Houston oil firm dragged down by giant octopus of Venezuelan corruption
A Houston oil company, Harvest Natural Resources, Inc., is suing Venezuelan Chavista stalwart Rafael Ramirez, who served as the communist regime's oil minister for a spell, on the grounds that his shakedowns forced them to lose $470 million from sales of their assets.
According to Bloomberg:
Harvest Natural Resources Inc. said that because it rebuffed four separate $10 million bribe demands from associates of Ramirez, Venezuela's power ministry withheld approval for Harvest to sell its energy assets in the South American nation. That resulted in losses of $470 million, according to a complaint filed Friday in Houston federal court.
So it's come to this in socialist Venezuela: a bubbling pit of corruption that had been great for foreign investors to do business in so long as the gravy lasted that has now fallen upon hard times now that oil prices have fallen and night has descended.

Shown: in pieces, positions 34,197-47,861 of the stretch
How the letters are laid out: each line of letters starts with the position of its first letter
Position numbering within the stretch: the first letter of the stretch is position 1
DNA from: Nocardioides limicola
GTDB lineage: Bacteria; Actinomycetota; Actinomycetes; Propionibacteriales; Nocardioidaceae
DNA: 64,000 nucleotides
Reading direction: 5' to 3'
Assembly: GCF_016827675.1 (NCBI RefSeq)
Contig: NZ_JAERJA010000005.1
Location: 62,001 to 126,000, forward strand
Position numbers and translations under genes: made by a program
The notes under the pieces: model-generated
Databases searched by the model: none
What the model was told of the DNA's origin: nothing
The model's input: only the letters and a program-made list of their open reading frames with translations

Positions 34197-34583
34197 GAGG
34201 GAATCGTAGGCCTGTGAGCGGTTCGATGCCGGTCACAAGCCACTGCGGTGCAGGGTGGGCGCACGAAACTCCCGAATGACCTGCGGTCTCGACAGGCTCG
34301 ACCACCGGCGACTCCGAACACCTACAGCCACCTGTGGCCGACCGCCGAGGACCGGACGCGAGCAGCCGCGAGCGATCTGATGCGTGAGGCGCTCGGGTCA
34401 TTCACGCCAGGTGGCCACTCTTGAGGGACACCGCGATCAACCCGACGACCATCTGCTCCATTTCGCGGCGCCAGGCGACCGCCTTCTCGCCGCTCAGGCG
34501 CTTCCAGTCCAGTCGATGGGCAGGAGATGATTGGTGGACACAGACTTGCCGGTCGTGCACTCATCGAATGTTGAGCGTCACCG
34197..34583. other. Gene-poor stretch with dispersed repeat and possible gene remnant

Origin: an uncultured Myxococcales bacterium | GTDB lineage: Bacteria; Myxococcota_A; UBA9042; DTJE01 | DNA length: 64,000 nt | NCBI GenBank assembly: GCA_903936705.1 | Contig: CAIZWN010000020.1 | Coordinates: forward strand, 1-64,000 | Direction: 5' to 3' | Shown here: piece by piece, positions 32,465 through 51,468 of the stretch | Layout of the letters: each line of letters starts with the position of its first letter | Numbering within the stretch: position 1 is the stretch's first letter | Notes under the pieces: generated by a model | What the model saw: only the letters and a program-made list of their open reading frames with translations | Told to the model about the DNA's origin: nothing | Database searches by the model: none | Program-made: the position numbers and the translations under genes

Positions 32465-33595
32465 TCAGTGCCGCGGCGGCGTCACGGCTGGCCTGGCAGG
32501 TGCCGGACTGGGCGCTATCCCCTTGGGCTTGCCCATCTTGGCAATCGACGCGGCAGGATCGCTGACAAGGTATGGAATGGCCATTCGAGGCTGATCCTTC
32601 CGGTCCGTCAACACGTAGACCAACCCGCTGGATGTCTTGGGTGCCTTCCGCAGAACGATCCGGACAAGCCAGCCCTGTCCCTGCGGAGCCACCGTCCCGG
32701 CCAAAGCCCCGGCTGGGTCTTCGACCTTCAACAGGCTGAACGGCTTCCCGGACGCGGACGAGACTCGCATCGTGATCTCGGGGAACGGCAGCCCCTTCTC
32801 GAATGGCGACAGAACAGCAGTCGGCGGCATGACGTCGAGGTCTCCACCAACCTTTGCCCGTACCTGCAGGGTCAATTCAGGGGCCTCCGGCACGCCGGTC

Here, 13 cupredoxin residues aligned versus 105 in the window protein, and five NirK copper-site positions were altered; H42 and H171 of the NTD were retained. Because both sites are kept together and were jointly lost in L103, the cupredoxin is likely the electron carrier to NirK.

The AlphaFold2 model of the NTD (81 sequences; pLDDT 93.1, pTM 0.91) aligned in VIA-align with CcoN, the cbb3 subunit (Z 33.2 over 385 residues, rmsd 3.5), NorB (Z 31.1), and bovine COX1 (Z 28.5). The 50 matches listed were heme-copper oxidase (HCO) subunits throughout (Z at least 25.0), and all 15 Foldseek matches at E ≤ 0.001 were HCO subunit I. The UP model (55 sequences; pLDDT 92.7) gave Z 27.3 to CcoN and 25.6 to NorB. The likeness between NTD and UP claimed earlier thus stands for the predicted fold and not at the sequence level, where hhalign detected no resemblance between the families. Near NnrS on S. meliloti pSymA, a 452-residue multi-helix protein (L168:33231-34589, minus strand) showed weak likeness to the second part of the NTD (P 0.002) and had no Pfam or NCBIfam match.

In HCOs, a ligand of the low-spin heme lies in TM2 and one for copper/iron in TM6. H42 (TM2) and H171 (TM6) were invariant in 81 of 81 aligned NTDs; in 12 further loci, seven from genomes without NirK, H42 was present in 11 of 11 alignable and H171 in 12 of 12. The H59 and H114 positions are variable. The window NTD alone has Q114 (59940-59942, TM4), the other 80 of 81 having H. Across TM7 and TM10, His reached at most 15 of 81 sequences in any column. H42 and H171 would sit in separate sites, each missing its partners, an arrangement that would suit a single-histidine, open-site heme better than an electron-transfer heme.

It turns out that the bubbling swamp of Venezuelan black gold was a nice thing for Harvest and a few other foreign investors, bringing in profits for themselves and money for the socialist government even as the country fell into shambles and the book on democracy and rule of law closed. Crime spun out of control, the infrastructure rotted, food and medical shortages abounded, the judiciary was corrupted, and the central bank was suborned, but Harvest stayed right there as an investor in the industry, its public face suggesting that none of this was material to producing oil. A few larger oil companies, such as ExxonMobil, did pull out, and then commenced lawsuits as well, but there were also companies like Harvest that kept on trucking, confident they would be able to, in time, turn a profit. The problem was that their money financed the regime enough to fuel its rampage against democracy even longer than it might have lasted otherwise, and as it went on, it wrecked the country even more severely.